Writing in the 1660s, Spinoza was an early proponent of democracy. “It is almost impossible,” he said, “that the majority of a people, especially if it be a large one, should agree in an irrational design.” But just a few years after penning those words, Spinoza would see for himself some of the dangers of granting power to the masses. In 1672, the body of Spinoza’s favorite statesman, Jan DeWitt, together with that of DeWitt’s brother, was literally ripped apart by a mob that blamed the DeWitts for the occupation by the French. It would appear that when political passions are inflamed, the sky is the limit.

Fortunately, we have progressed a ways since the days of Spinoza. We Americans have become much more civilized than the 17th century Dutch. To be sure, two young men were recently caught plotting to kill Barack Obama. And several attendees at McCain/Palin rallies have shouted all sorts of vile names against Barack and his supporters. But there have been no signs of mobs massing to tear statesmen limb from limb. In fact, we are on the verge of an election in which a record number of Americans will peacefully go to the polls and exercise their rights to freely choose our next leader. At times like this, we should thank God for disciples of freedom like Spinoza who never renounced his devotion to democracy even in the face of unspeakable evidence of how the masses of men may be prone to act when allowed to express themselves in the public sphere.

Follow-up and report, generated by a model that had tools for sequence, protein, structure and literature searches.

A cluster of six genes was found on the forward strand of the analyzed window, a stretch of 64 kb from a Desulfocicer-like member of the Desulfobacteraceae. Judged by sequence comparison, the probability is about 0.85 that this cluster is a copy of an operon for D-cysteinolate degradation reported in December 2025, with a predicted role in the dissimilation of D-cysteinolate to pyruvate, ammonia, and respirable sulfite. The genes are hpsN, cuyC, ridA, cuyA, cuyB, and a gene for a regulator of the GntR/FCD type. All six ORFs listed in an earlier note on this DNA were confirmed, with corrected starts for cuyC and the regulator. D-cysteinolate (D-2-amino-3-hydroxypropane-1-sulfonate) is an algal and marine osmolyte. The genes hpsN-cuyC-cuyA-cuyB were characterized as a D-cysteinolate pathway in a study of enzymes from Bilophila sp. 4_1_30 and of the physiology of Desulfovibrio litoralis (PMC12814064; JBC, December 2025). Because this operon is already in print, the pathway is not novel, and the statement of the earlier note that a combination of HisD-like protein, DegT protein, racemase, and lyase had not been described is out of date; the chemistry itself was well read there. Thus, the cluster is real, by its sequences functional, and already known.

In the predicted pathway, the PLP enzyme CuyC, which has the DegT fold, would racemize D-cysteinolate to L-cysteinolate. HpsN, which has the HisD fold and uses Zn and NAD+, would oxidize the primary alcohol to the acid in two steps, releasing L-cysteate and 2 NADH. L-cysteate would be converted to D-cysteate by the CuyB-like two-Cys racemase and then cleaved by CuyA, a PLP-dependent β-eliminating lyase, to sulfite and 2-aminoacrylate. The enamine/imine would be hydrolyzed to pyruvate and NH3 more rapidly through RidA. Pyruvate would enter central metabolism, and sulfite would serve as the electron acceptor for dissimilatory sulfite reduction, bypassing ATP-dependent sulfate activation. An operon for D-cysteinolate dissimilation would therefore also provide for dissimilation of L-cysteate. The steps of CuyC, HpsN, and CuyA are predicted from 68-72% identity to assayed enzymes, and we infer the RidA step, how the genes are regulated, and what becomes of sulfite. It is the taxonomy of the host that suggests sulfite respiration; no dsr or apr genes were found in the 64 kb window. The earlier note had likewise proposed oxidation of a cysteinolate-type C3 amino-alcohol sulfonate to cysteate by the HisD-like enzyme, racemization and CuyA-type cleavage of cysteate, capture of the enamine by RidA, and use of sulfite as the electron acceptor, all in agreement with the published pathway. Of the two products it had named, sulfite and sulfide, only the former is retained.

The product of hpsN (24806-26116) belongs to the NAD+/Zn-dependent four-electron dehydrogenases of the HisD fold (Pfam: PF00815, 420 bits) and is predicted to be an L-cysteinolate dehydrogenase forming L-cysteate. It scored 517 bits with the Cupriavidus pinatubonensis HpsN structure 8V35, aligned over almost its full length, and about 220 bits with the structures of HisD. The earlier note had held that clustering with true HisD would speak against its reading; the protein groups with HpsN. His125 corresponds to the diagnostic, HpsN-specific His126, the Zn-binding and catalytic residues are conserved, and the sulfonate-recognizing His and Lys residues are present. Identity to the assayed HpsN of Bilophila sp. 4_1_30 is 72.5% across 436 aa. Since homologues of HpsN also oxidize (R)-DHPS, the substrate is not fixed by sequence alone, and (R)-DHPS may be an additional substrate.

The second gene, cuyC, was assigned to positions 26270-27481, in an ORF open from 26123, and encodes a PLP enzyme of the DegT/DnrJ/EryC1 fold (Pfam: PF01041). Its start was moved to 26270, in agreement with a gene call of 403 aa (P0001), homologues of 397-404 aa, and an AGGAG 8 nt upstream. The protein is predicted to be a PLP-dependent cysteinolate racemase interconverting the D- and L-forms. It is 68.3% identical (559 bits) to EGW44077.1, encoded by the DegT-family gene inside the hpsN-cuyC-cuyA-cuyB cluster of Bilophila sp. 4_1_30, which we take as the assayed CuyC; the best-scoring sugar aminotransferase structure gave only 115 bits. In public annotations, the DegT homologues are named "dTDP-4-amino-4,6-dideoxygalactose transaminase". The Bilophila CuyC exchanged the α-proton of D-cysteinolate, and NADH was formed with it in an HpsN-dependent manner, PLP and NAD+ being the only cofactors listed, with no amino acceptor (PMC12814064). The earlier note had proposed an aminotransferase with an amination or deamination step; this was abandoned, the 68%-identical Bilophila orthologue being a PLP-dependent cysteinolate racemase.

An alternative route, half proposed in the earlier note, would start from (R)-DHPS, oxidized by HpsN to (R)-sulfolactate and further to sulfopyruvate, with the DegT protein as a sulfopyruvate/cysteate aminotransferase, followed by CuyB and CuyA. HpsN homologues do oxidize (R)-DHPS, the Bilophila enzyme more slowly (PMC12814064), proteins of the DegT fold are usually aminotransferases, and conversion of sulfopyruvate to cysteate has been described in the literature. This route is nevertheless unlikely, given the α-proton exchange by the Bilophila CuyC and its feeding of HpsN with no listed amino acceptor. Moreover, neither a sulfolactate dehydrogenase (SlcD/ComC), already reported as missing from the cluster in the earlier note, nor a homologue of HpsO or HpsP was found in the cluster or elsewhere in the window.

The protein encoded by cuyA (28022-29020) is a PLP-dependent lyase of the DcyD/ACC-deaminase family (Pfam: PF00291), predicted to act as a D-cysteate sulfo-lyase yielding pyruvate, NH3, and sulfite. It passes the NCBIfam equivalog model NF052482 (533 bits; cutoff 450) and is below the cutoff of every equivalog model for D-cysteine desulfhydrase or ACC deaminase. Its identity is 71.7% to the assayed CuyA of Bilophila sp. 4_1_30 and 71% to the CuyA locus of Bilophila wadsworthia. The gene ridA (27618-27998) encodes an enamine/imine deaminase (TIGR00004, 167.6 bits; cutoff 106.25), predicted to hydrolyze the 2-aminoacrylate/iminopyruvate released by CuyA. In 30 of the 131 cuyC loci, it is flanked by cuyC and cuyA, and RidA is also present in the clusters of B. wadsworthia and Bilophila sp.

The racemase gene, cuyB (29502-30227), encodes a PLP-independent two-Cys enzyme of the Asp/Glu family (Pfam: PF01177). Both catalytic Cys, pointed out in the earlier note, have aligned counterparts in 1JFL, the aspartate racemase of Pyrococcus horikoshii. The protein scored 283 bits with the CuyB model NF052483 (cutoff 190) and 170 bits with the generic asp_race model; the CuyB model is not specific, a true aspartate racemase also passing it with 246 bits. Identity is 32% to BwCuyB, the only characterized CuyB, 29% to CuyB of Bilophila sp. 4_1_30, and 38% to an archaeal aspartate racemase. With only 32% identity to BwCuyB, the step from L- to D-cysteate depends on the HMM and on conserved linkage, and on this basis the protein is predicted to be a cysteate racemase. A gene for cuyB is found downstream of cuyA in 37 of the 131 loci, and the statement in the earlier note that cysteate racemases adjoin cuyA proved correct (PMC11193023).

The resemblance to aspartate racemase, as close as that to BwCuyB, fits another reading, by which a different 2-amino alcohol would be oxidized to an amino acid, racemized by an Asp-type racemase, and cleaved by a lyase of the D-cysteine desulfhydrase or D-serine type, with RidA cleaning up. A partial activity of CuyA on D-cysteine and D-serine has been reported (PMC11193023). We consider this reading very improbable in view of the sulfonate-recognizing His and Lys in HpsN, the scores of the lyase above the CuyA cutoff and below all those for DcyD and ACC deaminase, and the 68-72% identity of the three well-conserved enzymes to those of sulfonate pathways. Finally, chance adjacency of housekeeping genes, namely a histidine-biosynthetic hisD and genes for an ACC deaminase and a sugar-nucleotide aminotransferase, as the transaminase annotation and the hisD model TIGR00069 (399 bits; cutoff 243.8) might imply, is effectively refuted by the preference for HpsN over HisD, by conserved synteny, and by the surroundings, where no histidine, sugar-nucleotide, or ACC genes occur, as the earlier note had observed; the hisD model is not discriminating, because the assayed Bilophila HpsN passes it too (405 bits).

Fast forward three centuries from the time that Spinoza wrote his political theories, and you will come to another disciple of freedom, Martin Luther King, Jr. The echoes of MLK’s dream are forever etched in our brains – a dream in which people will not be judged by the color of their skin, but by the content of their characters. To some, that dream sounded utopian. But even the cynics couldn’t argue with what was at stake if the dream were to become a reality. “Free at last! Free at last! Thank God Almighty, we are free at last!”

MLK’s dream of liberty was multi-faceted. He sought for our nation freedom from racial bigotry. And he also sought the very tangible corollary of that goal: freedom to live in a society in which the “natural Aristocrats” (Jefferson’s term) of any race, creed, or gender are given a legitimate opportunity to reach any office in the land, even President. Now, finally, we are on the verge of seeing this dream come to fruition. I cannot help but think that Spinoza would be as thrilled with this opportunity as MLK.